Member, Kansas Citizens for Science

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"The Pratt Tribune" December 13, 2000

Bruce Grant
LETTER: Charges of fraud misleading

In recent weeks your newspaper has printed letters debating revisions in
high school biology curricula. Some of the correspondents have leveled
charges of fraud directed at evolutionists for attributing changes in the
colors of peppered moths to natural selection. As I am one of the
evolutionary biologists who study peppered moths, I feel obliged to
comment. Charges of fraud cannot be left unchallenged.

Some background about peppered moths is necessary. The common form of this
moth species is pale gray. About 150 years ago, a black specimen was
discovered near an industrial city in England. Over the years, the black
(melanic) form became ever more common as the pale form became rare. By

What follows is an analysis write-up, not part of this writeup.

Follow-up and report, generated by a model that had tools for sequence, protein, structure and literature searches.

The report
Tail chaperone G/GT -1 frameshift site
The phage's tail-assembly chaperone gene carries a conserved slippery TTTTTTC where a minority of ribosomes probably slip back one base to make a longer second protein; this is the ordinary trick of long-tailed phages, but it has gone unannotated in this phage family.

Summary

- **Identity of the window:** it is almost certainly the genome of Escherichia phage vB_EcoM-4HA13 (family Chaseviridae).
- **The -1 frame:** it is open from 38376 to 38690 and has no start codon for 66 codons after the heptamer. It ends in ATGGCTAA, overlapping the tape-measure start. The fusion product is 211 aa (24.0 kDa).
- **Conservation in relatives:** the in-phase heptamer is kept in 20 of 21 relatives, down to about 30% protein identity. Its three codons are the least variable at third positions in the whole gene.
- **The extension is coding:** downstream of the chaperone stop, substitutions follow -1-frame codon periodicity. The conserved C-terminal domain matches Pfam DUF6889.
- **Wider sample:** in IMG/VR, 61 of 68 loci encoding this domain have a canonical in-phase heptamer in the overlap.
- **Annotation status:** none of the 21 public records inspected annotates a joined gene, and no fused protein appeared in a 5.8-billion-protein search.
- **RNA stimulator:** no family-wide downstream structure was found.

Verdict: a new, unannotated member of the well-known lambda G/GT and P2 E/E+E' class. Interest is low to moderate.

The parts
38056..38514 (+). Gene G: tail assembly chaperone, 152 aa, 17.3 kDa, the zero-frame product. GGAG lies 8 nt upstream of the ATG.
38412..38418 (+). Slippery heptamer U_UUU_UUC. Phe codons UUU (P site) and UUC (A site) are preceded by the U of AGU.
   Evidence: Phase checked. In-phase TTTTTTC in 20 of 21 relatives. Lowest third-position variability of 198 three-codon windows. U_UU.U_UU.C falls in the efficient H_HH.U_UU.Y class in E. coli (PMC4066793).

1900 the black form exceeded 90 percent in peppered moth populations
throughout the industrialized regions of England. The phenomenon was
dubbed industrial melanism.

Because people knew that birds eat insects, scientists as early as 1896
suspected that birds were eating the different color forms of peppered
moths selectively based on their degree of conspicuousness in habitats
variously blackened by industrial soot. Extensive experimental work
supports this view, although questions remain. Other scientists proposed
that moths responded to the presence of pollutants by developing darker
body colors. We now know from genetic analysis that the colors of adult
peppered moths are determined by genes; thus, the changes in the
percentages of pale to black moths over generations reflect changes in the